An overview of the history of the Catholic Church with special attention to episodes important in the development of the institutional Church, the gathering of many cultures into Catholicism, the Churchs understanding of social justice and its relation to the modern World.
HIS 305. 3 cr.
History of Ideas: Classical
An examination of selected Greek and Roman textsliterature, history, philosophy, etc.in historical context.
HIS 316. 3 cr.
History of American Women
Uses the methods of feminist analysis to examine the experiences and changing roles of women in American history and culture. Topics and periods covered will vary (e.g., the Progressive Era, the War Years (1914-1945), the 1950s, etc.)
HIS 317. 3 cr.
Social History of Art in Italy
The art and architecture of Italy in antiquity, the Middle Ages and Renaissance. Visits to museums, archaeological sites and surrounding historic cities, Florence and Siena are included in the course.
HIS 330. 3 cr.
England, to 1485.
A survey of political, legal, economic, social and religious institutions in England from the Anglo-Saxon period to the end of the fifteenth century. Special emphasis is placed on the creation of the English monarchy and the evolution of England law and legal institutions.
HIS 331. 3 cr.
A survey of political, legal, economic, social and religious developments in England from the coming to Tudor dynasty to the restoration of the monarchy after the English Civil War and Commonwealth of the mid-17th century. Special emphasis is placed on the role of religion in the transformation of the English monarchy and government, and the on the redefinition of authority in government between Crown and Parliament.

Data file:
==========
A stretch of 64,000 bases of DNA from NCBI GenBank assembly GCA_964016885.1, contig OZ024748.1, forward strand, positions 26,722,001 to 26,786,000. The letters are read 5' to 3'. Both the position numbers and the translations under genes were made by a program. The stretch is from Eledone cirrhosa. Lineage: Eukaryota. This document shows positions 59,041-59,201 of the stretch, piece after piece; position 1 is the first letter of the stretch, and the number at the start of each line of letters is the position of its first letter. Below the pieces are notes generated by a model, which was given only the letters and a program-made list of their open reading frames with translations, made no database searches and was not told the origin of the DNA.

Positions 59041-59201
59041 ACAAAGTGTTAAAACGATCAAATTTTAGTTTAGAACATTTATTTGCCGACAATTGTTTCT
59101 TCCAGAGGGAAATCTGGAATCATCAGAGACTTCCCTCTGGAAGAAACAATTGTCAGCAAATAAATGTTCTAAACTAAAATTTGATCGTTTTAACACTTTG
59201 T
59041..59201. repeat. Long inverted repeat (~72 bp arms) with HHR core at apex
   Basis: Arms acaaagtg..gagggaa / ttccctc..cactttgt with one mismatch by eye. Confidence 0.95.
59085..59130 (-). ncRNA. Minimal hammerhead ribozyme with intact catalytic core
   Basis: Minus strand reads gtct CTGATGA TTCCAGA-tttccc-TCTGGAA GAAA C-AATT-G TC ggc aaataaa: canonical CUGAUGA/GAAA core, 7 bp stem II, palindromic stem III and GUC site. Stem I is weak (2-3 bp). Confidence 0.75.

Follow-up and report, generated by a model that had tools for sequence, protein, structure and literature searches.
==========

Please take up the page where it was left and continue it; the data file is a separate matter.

HIS 332. 3 cr.
England, 1660-c. 1850.
A survey of political, legal, economic and social change in England and the new "Great Britain" from the late 17th century to the middle of the 19th century. Special emphasis is placed on cultural and intellectual change (e.g. The Scientific Revolution, the Enlightenment) and the industrialization of British society.
HIS 340. 3 cr.
Twentieth-Century Global History
An examination of the political, economic, and social restructuring of the world from World War I to the collapse of the Soviet Union.
HIS 348. 3 cr.
(Formerly HIS 458.) A survey of African-American history from the. West African background to the present. Among the topics to be examined are: the transatlantic slave trade, the development of African-American culture, slavery, free blacks, emancipation, life in the segregated South, 20th-century urban migrations, and the era of the civil rights movement.
HIS 355. 3 cr.
The United States Since 1945
A survey of the history of the United States from the World War 11 to the present; with special attention to the long-term impact of the War; the emergence of the Cold War; demographic changes; the Civil Rights Revolution; the Sixties and aftermath.
HIS 357. 3 cr.
U.S. Labor History
A survey of labor developments in the United States from 1800 to the present; special attention to case studies involving: factory women, immigrant workers, labor-management conflicts and control strategies, and organized labor after 1935.